Tragic: Texas Skydive Instructor Dies After Parachute Fails to Open
A Texas skydive instructor has died following a parachute failure during a tandem jump on Saturday, February 19th.
The skydiving instructor, who worked for Skydive Houston, was doing a tandem jump when the parachute failure happened. Witnesses told KPRC that "He let off his primary and then the secondary shoot like opened halfway up, so he didn't fall like a straight fall, he was like 50 percent shoot, like a corkscrew"
The accident happened in Waller County. Both the instructor and tandem student were airlifted to the hospital, where the instructor would later die for his injuries, The student survived, but has serious, non-life threating injuries.
The Federal Aviation Administration and local officials have launched an investigation into the accident. Skydive Houston did release a statement:
"Skydive Houston, along with the greater skydiving community at large, is deeply saddened by the loss of our tandem instructor and friend. Our sincerest condolences are extended to his friends and family. We continue to pray for a full recovery for the injured tandem student."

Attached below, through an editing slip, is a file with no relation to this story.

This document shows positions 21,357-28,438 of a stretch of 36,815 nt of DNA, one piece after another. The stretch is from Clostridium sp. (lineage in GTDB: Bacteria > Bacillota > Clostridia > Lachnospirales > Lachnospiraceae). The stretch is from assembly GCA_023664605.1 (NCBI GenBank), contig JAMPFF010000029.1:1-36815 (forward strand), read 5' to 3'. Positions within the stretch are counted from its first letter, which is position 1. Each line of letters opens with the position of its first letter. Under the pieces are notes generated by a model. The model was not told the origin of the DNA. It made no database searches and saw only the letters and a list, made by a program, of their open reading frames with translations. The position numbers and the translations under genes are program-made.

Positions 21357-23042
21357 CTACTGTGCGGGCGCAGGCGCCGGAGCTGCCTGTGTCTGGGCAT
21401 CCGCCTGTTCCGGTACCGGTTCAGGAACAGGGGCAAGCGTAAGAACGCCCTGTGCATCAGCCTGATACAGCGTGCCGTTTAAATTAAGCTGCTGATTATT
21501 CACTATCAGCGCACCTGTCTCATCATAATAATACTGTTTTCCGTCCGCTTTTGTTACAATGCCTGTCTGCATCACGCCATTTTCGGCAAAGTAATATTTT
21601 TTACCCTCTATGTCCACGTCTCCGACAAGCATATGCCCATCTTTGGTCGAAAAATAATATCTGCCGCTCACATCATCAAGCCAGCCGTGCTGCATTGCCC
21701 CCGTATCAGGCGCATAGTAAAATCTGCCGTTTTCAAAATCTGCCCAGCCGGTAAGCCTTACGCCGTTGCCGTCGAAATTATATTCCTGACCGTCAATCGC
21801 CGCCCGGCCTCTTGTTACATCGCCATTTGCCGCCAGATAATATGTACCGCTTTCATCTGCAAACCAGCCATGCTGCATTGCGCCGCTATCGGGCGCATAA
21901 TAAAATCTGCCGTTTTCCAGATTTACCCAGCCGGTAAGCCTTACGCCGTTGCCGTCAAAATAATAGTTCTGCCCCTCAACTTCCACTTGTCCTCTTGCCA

Skydive Houston has suspended operations pending results from the investigation.
Is Skydiving Safe?
The short answer is yes, but accidents do happen. FOX NEWS reports that, according to The United States Parachute Association (USPA), the skydiving fatality rate is 0.39 fatalities per 100,000 jumps. They state, "Tandem skydiving—where you’re attached to an experienced skydiving instructor for your jump—has an even better safety rate, with one student fatality per 500,000 jumps on average over the past 10 years."
Fox News posted this video with their report:
The USPA also noted that the majority of deaths "occur because the jumper—oftentimes an experienced skydiver who is pushing the limits— makes an error in judgment while landing a perfectly functioning parachute."
Skydiving does come with a risk. While certainly a tragedy, accidents can happen to even the most experienced of instructors.